I read an interesting post by Mr. Pink Eyes on America’s Watchtower about a Second Amendment victory in the New Hampshire House, coming on the heels of a Second Amendment defeat, that got me back to thinking about gun rights. With apologies to Larry for returning to this controversial issue (and a promise to engage in spirited but not acrimonious debate) I thought it was worth revisiting. Just to be clear I will state my position up front: I support the Second Amendment and agree that it confers on Americans the right to bear arms; but I also believe the states have the right and the obligation to establish reasonable limits to protect their citizens. The question of what is reasonable is a legal one and should be left to state legislatures, and state and federal courts, including the US Supreme Court, to decide.
Last week in New Hampshire the state legislature voted to ban bringing guns into any state building. Mr. Pink Eyes saw this as “an infringement on the Second Amendment.” I prefer not to get into the constitutionality of the decision because that will surely get us nowhere. I believe the states can establish reasonable limits on carrying weapons and many of you do not. Fair enough, an honest disagreement. But I would hope most of you would think there are some limits that are reasonable? For instance, can we agree that nobody should be allowed to carry a gun into the Oval Office? How about carrying a gun into the Senate or House chamber while they are in session (clever responses not required)? How about into a courtroom? Or on an airplane? There are many physical locations that are quite secure and where all visitors must go through metal detectors before entering the premises. If those security measures exist then, by definition, those places are infinitely more secure than walking down the street in broad daylight or having a drink at a local bar. So my question is, doesn’t the availability of security provisions at state buildings in New Hampshire (if they exist!), or anyplace else, make the banning of guns substantially improve the safety of everyone inside? I suppose a corollary to that is whether the safety of the people in the building is paramount to the right of an individual to carry a gun? I’d most definitely say it is. By the way, if there are no security measures in place at the state buildings and the lawmakers passed the ban because they felt threatened then the hypocrisy of that vote is amazing especially in light of the vote that followed.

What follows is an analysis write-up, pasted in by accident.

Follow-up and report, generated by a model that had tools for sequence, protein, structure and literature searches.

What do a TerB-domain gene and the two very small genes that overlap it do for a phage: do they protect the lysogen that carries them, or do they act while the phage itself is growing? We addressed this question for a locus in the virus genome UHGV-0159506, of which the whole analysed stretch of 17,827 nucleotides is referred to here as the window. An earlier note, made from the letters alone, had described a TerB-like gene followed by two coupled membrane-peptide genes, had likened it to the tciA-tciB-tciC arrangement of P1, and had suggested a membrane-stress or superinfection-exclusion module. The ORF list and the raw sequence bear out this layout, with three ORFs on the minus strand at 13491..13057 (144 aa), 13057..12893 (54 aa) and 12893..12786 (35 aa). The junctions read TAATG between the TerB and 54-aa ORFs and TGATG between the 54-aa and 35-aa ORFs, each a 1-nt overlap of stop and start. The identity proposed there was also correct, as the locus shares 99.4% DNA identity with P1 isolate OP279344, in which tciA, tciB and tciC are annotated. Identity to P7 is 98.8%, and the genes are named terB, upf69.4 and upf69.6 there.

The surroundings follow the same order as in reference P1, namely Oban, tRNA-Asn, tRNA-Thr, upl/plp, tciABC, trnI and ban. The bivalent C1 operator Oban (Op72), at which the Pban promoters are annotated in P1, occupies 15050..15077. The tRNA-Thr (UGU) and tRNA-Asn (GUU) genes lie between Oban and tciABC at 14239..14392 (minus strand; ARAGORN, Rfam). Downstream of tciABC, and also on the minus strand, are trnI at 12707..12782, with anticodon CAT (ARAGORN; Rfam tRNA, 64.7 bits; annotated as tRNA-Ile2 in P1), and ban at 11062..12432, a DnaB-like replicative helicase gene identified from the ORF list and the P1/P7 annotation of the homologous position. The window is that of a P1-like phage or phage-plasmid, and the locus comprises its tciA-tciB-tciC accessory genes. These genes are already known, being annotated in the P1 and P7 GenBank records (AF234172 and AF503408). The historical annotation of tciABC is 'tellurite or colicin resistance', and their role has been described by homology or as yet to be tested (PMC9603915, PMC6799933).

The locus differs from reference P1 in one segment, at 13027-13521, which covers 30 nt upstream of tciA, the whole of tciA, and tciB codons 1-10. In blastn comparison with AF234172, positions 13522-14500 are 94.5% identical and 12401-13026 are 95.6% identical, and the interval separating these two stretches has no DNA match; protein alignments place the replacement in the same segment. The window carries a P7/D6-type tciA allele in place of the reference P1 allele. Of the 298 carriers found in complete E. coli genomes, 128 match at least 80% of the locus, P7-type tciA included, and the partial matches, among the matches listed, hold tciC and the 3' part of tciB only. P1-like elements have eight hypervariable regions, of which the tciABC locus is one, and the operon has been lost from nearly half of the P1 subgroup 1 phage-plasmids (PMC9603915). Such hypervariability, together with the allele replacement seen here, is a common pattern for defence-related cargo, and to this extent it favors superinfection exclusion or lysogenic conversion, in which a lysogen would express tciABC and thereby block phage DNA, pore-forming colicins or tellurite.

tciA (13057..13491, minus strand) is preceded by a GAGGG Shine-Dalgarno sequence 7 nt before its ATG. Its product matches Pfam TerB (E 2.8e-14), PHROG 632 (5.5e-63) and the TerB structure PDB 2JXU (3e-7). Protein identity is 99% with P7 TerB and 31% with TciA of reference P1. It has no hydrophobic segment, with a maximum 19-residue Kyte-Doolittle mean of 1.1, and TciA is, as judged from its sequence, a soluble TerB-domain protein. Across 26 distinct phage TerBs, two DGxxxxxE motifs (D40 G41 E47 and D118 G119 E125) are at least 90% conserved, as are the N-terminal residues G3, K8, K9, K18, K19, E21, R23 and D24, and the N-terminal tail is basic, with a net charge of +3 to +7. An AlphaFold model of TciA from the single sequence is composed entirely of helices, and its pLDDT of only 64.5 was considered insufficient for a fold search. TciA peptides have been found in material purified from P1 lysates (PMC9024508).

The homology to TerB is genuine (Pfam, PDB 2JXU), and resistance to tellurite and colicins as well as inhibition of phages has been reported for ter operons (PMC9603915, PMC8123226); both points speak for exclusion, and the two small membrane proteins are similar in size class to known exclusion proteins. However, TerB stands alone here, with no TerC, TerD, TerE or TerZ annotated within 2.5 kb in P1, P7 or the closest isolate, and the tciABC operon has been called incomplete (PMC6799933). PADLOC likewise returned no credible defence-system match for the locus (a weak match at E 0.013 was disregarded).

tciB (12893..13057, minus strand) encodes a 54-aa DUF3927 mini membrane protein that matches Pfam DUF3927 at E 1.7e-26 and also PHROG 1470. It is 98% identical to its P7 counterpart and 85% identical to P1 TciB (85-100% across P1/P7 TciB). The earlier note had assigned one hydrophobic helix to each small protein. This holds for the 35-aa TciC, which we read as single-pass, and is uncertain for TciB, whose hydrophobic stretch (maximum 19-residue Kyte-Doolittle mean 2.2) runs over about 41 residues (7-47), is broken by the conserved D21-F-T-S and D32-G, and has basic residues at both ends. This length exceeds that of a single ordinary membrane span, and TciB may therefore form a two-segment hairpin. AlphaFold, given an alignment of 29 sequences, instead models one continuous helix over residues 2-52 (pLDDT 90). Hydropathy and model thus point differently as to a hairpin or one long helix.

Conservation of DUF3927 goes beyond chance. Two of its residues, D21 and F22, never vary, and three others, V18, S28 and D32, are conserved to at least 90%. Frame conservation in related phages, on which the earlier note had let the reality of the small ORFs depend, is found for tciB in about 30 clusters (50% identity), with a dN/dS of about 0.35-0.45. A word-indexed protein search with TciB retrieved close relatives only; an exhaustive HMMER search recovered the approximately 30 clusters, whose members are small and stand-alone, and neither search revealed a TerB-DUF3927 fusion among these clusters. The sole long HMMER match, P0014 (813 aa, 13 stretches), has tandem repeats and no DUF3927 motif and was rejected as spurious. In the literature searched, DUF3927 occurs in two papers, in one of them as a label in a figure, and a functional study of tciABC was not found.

Now what about the Second Amendment “victory”? Here’s what Mr. Pink Eyes wrote about HB160:
This bill revises New Hampshire self defense laws to ensure that nobody who brandishes a weapon when they feel threatened will face charges no matter where the incident takes place in the state.
OK, I’m no expert on gun law and I know next to nothing about New Hampshire gun law but this strikes me as about the lamest “victory” I’ve heard about on Second Amendment issues in a long time. Here’s the actual language from the bill:
A person who responds to a threat which would be considered by a reasonable person as likely to cause serious bodily injury or death to the person or to another by displaying a firearm or other means of self-defense with the intent to warn away the person making the threat shall not have committed a criminal act.
So if somebody threatens you or yours this law allows you to pull out your gun and say “see how big my gun is?” but it does NOT give you the right to use it! If you shoot somebody who is physically threatening your children you are still going to be arrested and charged. If I have this wrong then please correct me but this seems like a law with absolutely no teeth – and this from ME of all people! The law does not make clear what constitutes a situation that reasonable people would find appropriate for pulling a weapon so this by no means will stop criminal cases against those who display a gun in “self-defense.” Does a barroom brawl rate? How about a football dad arguing with the coach about his son’s playing time? What about a nasty fight following a car accident where one person pulls a baseball bat and bashes in the other car’s headlights? I’d hope that in all these situations the first person to pull a gun is the one considered to be making the threat that warrants the other party pulling a weapon – but of course all that second person can do is say “mine’s bigger than yours!” If this is a Second Amendment victory then I’d say the standards by which a victory is measured have deteriorated considerably.